8 and serious injury motorcycle crashes declined after the helmet law was reinstated, when all motorcycle crashes are considered. Proportion of Fatal and Serious Injuries to all Motorcycle Crashes Before and After The Law Change, January August Jan 99 Mar 99 May 99 Jul 99 Sep 99 Nov 99 Jan 00 Mar 00 May 00 Jul 00 Sep 00 Nov 00 Jan 01 Mar 01 May 01 Jul 01 Sep 01 Nov 01 Jan 02 Mar 02 May 02 Jul 02 Sep 02 Nov 02 Jan 03 Mar 03 May 03 Jul 03 Sep 03 Nov 03 Jan 04 Mar 04 May 04 Jul 04 Sep 04 Nov 04 Jan 05 Mar 05 May 05 Jul 05 FARS Data There was a total of 523 fatal crashes in Louisiana from 1996 through 2005 in which at least one motorcycle occupant was killed for each crash. Kentucky was chosen as a comparison State for Louisiana given that its universal helmet law was repealed in 1998 and to explore the possibilities that any changes in Louisiana may have been due to regional effects. Kentucky had less than a hundred fewer fatal crashes between 1996 and 2005 than Louisiana (N = 436). The number of fatal crashes in Louisiana increased from 1997 through 2003 prior to the helmet law reinstatement (Figure IV.3). In 2004 following the law change there was the first decrease in crashes since the 1999 repeal. There was a slight increase in crashes in 2005 but there were still fewer than before the law was reinstated. Kentucky, during the same time period, also showed a general increase in crashes. There was a major shift in Kentucky s crashes in 1999 perhaps due to its repeal of its universal helmet law in Beginning in 2002, Kentucky s crashes increased steadily. Thus, it appears that the drop in fatal crashes in Louisiana occurring after the helmet law reinstatement was not due to any regional effects, and is likely attributable to the law change. Conclusion Observed helmet use rose to 100 percent after reinstatement of the universal helmet law in Louisiana in Helmet use in motorcycle crashes during the period ( ) without the helmet law was 42.3 percent (pre-reinstatement) but increased to 87 percent in (post-reinstatement). Motorcycle crashes increased from 1999 to Fatal crashes decreased in 2004 for the first time since the 1999 repeal, increasing slightly in 2005, but with fewer than before the law was reinstated in Louisiana. The proportion of motorcycle fatal crashes to all motorcycle crashes began falling in 2004 (41%), continuing into 2005 (38%) compared to 45 percent at the end of the period when the helmet law was repealed. Motorcycle fatalities had been accounting for a larger vi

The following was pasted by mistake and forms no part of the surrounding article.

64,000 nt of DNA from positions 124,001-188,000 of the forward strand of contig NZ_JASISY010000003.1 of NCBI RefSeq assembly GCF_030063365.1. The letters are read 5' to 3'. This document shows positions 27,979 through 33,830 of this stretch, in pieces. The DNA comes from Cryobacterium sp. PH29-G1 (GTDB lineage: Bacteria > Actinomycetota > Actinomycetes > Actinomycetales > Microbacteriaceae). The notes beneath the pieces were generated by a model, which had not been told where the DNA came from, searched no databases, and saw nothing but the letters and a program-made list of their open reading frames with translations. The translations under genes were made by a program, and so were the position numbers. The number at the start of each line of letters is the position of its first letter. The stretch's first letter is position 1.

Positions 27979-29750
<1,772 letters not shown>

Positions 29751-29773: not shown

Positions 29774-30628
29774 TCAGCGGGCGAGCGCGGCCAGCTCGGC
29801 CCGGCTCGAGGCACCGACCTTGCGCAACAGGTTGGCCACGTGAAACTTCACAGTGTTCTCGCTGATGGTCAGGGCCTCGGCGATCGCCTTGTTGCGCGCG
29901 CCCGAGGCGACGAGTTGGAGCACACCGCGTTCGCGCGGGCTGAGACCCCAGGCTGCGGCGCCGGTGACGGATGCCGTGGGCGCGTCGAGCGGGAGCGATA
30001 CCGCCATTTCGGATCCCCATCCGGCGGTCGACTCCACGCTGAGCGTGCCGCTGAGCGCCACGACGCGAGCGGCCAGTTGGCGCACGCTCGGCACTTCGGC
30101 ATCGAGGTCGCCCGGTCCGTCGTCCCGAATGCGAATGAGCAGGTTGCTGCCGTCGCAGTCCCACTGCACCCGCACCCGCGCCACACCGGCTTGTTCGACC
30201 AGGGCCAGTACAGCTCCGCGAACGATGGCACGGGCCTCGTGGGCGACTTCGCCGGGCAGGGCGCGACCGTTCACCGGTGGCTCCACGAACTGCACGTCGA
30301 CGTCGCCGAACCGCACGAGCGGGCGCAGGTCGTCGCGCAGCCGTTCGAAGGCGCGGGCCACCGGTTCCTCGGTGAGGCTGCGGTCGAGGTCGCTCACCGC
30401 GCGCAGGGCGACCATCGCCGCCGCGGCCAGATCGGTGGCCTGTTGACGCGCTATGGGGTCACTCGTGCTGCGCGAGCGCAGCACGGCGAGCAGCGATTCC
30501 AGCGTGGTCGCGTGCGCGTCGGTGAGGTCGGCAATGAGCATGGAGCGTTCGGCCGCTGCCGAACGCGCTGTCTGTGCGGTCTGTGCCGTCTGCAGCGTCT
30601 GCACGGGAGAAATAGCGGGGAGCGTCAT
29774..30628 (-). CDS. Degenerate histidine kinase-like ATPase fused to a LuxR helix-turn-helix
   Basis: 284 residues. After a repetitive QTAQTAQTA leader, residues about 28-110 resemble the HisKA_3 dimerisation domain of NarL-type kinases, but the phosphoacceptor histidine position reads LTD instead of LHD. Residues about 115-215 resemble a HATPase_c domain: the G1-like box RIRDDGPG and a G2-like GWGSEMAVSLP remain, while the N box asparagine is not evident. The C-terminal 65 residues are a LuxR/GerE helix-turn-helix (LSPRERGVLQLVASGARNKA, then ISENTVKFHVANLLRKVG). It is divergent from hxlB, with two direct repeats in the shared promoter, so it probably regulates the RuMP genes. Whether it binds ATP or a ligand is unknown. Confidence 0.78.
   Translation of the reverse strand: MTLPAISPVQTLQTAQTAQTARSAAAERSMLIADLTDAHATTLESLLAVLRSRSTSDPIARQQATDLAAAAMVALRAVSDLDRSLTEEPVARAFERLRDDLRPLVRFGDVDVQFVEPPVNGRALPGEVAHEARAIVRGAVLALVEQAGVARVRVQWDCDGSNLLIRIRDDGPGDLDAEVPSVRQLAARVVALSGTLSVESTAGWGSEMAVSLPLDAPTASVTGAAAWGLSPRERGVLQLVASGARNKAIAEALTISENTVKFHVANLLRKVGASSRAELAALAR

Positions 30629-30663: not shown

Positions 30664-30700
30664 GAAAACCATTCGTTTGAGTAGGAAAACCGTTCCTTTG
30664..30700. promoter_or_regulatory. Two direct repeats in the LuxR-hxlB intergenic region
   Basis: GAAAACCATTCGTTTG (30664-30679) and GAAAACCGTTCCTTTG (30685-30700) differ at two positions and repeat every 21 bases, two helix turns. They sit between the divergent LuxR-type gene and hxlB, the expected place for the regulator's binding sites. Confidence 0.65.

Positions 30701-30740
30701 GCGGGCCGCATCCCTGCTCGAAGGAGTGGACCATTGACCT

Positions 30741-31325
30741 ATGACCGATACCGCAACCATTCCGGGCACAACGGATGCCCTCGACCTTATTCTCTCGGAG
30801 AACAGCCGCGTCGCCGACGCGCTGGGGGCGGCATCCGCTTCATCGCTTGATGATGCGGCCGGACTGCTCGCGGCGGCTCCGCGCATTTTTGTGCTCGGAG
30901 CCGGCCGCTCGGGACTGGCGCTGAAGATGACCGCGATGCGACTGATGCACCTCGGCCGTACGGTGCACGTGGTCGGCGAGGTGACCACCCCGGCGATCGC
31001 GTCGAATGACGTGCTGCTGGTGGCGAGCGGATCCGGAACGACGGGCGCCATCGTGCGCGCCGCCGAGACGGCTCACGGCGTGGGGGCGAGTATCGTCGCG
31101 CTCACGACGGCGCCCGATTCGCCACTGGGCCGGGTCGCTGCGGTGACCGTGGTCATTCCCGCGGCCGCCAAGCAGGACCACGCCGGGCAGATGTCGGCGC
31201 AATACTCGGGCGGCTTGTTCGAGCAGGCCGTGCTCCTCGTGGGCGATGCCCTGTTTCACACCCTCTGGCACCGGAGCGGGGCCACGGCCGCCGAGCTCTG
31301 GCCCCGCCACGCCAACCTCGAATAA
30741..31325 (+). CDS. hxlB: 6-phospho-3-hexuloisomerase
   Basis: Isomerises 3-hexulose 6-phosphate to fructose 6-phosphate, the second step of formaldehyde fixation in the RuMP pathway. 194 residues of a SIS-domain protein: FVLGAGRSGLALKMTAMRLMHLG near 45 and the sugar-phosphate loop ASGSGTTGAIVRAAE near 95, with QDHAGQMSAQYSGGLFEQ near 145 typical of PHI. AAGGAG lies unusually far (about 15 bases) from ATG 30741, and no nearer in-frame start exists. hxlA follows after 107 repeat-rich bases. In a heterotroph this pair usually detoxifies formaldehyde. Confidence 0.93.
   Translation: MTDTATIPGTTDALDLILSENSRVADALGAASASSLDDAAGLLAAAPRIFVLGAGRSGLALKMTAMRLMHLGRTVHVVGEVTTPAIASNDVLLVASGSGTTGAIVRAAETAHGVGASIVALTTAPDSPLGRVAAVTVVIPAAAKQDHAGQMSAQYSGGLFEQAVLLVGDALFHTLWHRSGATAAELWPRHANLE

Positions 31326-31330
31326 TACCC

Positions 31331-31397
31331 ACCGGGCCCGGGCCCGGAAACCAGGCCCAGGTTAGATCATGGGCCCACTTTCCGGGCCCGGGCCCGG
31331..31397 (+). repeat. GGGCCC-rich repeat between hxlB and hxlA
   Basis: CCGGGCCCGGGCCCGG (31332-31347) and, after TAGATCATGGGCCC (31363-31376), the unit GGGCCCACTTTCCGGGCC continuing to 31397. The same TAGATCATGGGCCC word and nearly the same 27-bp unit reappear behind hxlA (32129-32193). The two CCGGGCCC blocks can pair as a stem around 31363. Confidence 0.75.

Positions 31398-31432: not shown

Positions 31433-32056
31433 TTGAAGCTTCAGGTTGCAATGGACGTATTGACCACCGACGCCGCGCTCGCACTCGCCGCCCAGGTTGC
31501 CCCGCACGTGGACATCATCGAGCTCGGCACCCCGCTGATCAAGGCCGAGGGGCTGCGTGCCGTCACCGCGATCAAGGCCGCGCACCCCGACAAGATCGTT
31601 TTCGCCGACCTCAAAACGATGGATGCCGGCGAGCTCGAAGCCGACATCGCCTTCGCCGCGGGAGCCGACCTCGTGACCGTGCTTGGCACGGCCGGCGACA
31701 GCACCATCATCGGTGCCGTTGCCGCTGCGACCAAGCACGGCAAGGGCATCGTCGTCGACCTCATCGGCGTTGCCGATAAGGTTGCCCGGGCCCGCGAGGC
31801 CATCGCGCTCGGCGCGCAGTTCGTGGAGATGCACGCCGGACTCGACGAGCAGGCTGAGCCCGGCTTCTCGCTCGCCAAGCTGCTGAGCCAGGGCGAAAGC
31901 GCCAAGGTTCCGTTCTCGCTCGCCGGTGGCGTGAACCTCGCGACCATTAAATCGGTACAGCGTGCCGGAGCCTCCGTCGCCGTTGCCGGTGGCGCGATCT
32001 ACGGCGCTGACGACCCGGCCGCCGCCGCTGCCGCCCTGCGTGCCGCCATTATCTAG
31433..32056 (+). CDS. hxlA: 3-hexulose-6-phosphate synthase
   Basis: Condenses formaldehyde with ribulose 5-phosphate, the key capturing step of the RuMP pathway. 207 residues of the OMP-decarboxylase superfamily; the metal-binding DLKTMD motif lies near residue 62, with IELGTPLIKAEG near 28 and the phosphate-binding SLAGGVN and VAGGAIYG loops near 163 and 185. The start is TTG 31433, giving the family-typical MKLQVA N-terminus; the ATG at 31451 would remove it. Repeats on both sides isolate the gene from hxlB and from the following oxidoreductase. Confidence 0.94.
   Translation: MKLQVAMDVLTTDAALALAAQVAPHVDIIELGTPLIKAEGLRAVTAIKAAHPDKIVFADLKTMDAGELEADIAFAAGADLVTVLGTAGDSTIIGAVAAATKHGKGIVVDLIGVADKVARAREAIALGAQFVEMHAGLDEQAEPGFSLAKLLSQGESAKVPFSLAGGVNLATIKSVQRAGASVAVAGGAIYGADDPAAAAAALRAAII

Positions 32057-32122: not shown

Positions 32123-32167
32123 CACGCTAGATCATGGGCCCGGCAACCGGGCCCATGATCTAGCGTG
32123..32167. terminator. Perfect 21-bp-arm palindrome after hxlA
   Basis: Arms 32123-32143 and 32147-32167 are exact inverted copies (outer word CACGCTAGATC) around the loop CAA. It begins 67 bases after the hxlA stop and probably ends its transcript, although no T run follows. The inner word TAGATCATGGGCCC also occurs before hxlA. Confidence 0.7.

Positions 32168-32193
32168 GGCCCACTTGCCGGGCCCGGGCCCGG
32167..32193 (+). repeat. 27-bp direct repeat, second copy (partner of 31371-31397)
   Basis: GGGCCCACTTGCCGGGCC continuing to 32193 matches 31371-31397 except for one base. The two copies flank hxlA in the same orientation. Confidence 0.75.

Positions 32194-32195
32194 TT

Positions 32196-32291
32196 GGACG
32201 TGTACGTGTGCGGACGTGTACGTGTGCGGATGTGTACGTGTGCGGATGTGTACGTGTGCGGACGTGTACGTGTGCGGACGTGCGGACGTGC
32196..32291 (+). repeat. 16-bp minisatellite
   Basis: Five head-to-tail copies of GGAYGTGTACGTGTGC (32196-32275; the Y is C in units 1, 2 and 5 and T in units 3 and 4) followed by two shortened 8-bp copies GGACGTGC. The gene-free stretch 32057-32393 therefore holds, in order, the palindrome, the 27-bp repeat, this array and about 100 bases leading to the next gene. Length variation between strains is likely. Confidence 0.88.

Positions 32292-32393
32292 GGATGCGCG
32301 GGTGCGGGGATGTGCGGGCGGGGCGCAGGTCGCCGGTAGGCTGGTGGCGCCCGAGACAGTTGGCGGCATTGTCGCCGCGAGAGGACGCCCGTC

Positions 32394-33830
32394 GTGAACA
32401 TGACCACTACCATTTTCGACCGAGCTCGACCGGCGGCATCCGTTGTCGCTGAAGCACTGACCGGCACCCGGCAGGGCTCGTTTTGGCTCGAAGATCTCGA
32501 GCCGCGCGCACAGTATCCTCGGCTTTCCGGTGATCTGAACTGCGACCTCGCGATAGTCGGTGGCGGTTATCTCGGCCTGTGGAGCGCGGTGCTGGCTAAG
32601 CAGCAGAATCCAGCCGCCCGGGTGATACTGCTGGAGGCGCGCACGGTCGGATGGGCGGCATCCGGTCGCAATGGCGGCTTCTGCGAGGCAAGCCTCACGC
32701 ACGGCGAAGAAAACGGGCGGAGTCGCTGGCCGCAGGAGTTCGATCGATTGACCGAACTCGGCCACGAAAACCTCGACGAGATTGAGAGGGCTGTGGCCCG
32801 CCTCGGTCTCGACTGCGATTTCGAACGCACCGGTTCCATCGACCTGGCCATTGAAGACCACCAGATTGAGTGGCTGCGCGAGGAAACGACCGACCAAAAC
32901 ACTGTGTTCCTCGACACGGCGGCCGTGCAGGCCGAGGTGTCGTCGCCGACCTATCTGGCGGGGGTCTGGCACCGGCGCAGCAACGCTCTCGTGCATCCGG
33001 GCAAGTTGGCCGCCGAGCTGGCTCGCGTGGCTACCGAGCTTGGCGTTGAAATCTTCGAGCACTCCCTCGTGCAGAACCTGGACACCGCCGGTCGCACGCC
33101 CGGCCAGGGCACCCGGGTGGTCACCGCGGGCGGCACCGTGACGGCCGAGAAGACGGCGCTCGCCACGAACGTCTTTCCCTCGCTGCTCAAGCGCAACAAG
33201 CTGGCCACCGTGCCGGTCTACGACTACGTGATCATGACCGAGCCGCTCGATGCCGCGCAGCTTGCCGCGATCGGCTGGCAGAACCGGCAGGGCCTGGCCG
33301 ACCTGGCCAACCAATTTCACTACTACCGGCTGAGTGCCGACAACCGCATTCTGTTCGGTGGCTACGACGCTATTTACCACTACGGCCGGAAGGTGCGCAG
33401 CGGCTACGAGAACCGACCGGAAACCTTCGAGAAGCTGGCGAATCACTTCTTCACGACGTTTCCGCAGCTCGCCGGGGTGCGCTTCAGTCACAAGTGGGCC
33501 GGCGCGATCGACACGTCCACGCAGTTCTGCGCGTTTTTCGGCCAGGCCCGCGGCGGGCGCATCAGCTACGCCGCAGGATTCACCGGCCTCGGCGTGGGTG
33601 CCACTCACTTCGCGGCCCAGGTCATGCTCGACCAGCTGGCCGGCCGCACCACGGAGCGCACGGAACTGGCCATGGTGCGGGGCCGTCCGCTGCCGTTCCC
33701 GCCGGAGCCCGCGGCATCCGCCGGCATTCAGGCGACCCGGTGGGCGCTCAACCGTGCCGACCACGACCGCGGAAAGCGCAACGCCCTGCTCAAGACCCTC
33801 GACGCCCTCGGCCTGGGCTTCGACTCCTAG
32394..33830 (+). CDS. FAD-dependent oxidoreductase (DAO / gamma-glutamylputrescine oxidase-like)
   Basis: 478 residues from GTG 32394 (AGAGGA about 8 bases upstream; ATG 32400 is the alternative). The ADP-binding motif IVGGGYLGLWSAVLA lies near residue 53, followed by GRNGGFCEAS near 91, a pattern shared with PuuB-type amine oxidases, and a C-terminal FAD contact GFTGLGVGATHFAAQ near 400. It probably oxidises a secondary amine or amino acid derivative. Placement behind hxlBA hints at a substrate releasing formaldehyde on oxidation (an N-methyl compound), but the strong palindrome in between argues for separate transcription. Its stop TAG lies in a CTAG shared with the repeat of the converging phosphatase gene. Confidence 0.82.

9 proportion of all motor vehicle fatalities in Louisiana doubling between 1999 and 2003 (4% to 9%), slightly decreasing for the first time in 2005 (8%). Crash data showed that the odds of wearing a helmet in a crash post the Louisiana motorcycle helmet law compared to pre-law were extremely high. This increase in the compliance of helmet use after the reinstatement of the universal helmet law also led to significantly fewer fatalities and severe injuries, during the post-law period compared to the pre-law reinstatement. vii